Case Studies

For people of all ages

An adult's experience

While living and working in the USA, I met Charles (22 years old) and his mother at a support group for people with autism. Charles lives at home with his brother, Ed (20) and his parents. Both parents work. A wonderful young man interested in outdoor pursuits, Charles is close to his family including his uncles, aunts, cousins and grandparents. Family holidays together are important.

Charles was diagnosed with autism very early on in his life (about 2 years old). He experienced a lot of early intervention and completed high school back in 2010. He attended university for 1 year. He joined the National Guard last year and has been abroad with his regiment working as a military driver and escort. When at home, he works 'odd jobs' to help friends of his parents and people he knows through the church. He is very dependable.

Charles completed a Davis autism course with me from early October 2013 through to early December, 2013. Charles attended on his own for a series of week-long sessions during that time at my office. Some of the course was also completed at his home as well as public places including restaurants and shops. Some meetings included one or both of his parents.

Charles's mother shared this email early during the course reporting on some observed changes:
Karen, I wanted to give you some feedback about our observations of Charles. Last night, we all sat down to dinner together which doesn't happen as often as I would like. We noticed some very positive differences in Charles. He was very engaged the entire meal. When Charles is sharing with everyone, he does not like to be interrupted and you can't joke with him. Last night, he was able to have a back and forth exchange. He was light and laughed a lot. He was able to continue even if he was interrupted and he didn't even mind. He let Lloyd joke with him and laughed along. It was so nice. He also stayed at the table even after he was finished eating to continue talking with us. He is enjoying the work with you and talks very positively about it.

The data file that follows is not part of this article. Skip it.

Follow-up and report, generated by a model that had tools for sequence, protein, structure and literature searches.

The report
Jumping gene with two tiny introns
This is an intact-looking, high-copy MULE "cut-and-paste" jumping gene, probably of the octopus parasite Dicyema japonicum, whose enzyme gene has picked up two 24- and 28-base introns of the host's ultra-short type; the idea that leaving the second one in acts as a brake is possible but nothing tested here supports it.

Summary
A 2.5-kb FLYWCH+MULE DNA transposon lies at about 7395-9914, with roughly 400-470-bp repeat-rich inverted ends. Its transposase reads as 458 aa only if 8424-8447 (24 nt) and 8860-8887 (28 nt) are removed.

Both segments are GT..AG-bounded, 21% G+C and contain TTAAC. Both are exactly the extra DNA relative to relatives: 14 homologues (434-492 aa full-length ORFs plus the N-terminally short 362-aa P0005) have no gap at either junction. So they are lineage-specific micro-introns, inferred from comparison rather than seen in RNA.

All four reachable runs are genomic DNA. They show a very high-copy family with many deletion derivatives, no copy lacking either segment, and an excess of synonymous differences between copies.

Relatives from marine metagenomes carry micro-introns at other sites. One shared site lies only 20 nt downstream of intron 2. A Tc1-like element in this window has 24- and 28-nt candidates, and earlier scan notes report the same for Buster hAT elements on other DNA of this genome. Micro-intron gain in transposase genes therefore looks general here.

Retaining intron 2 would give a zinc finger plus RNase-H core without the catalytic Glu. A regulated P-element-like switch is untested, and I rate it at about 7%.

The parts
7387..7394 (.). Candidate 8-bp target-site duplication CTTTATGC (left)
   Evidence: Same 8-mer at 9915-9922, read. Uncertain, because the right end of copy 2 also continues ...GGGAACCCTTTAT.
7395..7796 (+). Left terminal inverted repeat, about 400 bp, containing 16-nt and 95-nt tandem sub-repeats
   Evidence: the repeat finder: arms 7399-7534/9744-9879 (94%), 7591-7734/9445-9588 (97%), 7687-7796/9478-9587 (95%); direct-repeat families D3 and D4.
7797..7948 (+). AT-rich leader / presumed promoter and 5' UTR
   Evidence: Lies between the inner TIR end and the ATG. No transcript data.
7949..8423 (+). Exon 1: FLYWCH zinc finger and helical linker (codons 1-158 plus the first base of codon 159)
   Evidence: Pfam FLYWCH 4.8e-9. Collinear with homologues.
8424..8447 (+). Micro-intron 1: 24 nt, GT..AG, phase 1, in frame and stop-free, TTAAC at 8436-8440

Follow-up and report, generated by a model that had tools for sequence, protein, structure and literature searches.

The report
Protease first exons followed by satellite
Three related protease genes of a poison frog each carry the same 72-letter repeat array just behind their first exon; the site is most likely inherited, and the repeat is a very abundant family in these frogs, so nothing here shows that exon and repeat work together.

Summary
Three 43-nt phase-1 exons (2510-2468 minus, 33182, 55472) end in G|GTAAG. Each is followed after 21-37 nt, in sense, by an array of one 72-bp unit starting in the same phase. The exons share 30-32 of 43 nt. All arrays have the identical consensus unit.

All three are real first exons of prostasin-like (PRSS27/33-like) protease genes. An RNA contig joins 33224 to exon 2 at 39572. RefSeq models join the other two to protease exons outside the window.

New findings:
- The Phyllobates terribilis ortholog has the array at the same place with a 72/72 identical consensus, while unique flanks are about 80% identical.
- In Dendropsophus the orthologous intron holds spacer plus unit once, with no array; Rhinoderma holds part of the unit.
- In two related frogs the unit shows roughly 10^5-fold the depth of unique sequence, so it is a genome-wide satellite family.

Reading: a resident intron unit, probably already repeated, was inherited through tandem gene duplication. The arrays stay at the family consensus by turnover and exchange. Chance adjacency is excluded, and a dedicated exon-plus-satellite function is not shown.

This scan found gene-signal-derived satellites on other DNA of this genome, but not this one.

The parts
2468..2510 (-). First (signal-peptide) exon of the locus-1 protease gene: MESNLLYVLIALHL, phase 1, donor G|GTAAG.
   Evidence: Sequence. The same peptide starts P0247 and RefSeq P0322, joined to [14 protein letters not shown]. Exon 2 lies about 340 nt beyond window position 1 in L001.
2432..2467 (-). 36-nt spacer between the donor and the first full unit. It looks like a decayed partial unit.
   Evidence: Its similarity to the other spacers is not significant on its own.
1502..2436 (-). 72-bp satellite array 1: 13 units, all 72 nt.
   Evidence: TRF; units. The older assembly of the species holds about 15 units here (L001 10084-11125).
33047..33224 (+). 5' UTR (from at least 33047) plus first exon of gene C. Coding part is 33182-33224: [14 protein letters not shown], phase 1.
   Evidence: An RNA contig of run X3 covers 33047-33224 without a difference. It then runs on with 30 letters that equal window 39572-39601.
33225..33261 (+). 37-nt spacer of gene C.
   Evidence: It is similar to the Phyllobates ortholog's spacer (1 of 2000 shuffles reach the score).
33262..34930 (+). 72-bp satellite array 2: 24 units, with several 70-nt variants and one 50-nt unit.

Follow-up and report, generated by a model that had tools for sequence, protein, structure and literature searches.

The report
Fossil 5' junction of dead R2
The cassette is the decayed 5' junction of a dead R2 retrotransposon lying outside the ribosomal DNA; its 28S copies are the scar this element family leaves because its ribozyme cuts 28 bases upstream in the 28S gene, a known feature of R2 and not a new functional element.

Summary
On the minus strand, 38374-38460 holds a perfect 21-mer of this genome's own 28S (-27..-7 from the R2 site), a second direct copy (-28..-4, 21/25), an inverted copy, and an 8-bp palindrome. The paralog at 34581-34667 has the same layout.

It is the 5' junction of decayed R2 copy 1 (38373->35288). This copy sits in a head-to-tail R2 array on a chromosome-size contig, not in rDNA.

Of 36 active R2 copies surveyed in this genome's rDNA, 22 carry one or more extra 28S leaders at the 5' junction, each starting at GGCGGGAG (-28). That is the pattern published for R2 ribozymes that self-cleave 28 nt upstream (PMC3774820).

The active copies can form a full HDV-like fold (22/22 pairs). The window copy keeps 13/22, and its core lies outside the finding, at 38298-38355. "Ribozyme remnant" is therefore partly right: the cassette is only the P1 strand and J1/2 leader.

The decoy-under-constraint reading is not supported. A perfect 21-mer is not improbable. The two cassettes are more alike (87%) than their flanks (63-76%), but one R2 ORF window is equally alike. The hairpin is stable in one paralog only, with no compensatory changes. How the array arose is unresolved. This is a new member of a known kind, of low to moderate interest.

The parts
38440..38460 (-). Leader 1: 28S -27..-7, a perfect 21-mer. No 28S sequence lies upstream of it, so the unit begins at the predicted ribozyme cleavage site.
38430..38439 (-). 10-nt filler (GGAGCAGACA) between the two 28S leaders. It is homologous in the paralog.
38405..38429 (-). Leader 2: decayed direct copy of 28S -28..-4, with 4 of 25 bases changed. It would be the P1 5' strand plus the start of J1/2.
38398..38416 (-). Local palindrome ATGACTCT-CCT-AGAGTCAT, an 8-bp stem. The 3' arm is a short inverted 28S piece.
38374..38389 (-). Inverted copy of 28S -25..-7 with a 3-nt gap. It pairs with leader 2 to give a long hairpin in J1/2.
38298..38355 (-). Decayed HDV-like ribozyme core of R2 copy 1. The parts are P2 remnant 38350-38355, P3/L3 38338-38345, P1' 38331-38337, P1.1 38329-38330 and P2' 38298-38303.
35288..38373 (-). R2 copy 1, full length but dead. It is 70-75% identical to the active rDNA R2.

During a meeting with Charles's mother in December upon completion of the course, she commented that she is very happy with the developments that Charles has made, as observed by her and others. She pointed out that Charles looks at people and greets them and says goodbye upon leaving; "This is huge for him." His cousin and wife met Charles at a family event. They commented that it was the best visit they had enjoyed with him: Charles was taking turns in conversation and maintaining a conversation with them. Similar comments were made by a family friend for whom Charles does odd jobs. Charles's mother commented how proud he was to return home with the things that he had made during our three sessions of culinary explorations in my kitchen. We also discussed the value for Charles of new life experiences e.g. training for the National Guard, during which he will further opportunities for interactions with other people. Other notable social changes included Charles's use of questions with others to initiate and maintain a conversation. He was also feeling confident about calling an acquaintance or friend to meet up socially and had been doing so.

A child's experience

While living in the US, Karen met Jay when he was 10 years old. Both parents work. An only child, Jay is home-schooled by his grandmother who is a former special educational needs teacher. He sees his grandfather on a daily basis too. A close-knit family, Jay spends a lot of time with his relatives. Jay also has opportunities to socialize through events organized by the home-schooling association.

Jay was diagnosed with autism very early on in his life (about 2 years old). He experienced a lot of early intervention. Good-natured and affectionate, Jay is currently in his fifth year of home schooling. It was agreed with Jay's grandparents that weekly half-day sessions were the most appropriate for Jay and his family to be offered the Davis autism course.